Crying babies cause us all anguish, whether they belong to us or not. In a waiting room, a shop, an aeroplane, the appearance of a red-faced little squealer has us all wincing and grimacing. But in a quiet restaurant it can provoke some of us into action, surely this is the one place you can be free from the wailing of your offspring or anyone else's?
A man was jailed last week for smashing a wine bottle over the head of a fellow diner at an Indian restaurant for suggesting that he took his crying 7month old home to bed! Well if I had been in that restaurant I too would have been in danger of a bottle attack because I also think that over half an hour of wailing is more than enough for anyone, the little one included.
Nothing causes more debate among the socialising classes than the presence of children and babies in traditional 'adults only' environments such as pubs and restaurants. (Malaysia Airlines have even taken the step of banning youngsters from first class cabins recently - seems money can buy you silence?)
I too have a small child and am well aware of the problems facing parents in hostile environments not set up for kids - no room for pushchairs, the unfriendly glances from childless couples and lets not get started on the breast-feeding in public debate... But I have always been well aware of my responsibilities - to myself, my child and the public. I've both complained about a noisy child and taken my own noisy child outside. I believe you should only subject others to what you yourself would feel acceptable if you were in their position.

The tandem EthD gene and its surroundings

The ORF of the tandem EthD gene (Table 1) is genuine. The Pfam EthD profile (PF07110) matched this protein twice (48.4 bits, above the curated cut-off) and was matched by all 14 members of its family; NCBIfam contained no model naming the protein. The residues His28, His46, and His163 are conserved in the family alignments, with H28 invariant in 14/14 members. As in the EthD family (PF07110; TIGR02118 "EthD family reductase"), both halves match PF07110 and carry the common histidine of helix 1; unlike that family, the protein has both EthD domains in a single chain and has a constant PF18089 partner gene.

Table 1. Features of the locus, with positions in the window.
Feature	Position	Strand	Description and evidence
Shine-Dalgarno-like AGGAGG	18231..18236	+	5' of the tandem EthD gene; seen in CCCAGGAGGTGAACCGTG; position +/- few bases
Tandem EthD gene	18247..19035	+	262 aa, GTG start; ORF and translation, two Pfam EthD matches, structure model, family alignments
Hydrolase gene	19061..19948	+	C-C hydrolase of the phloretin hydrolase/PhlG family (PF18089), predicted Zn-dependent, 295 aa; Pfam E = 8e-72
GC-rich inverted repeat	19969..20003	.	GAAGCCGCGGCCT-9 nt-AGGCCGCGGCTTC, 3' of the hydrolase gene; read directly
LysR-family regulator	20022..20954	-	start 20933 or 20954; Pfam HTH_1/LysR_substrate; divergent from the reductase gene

And of course there is certainly no need to be aggressive or attack anyone who complains about the hearty cries that you yourself might find so endearing and healthy. It is certainly not a good example to present to any watching child and another good reason why youngsters should perhaps not be present in late night establishments where people have been drinking?
Too many parents try to carry on with their normal lives after labour day, defiantly carrying on with the drinking, dining out and socialising they did before little Johnny or Ella came on the scene. I used to love frequenting cocktail bars, hotel bars, café bars, just bars in general really, before I had my son and I still do today when I get the chance, but I would not dream of taking him with me. I'm not sure he would get a lot of it and I'm damn sure my fellow drinkers wouldn't either? Of course new parents don't want to feel as if their lives are over, or as if they are unable to do things they previously enjoyed or even be seen out in public, but the fact remains their lives have changed, therefore changes do need to be made (even if its just investing in a good babysitter).
If we want a meal or a drink out with our son, and we do believe it is important to get him eating out in public early, my husband and I have a huge rota of all the local family-friendly pubs and restaurants in the area, there are loads of them and no one minds a bit of screaming or running around. If they did there would be little cause for complaint, unless of course the children were being badly behaved (which is a whole different ball game all together).
There is however, cause for complaint if a quiet evening meal out with your loved one - which you too are paying for and have a right to enjoy - is ruined by a screaming baby who'd much rather be at home anyway. Just watch out who you complain to, maybe approach the manager if you don't want to end up in a fight...
Follow Alice Wright on Twitter: www.twitter.com/HoveHousewife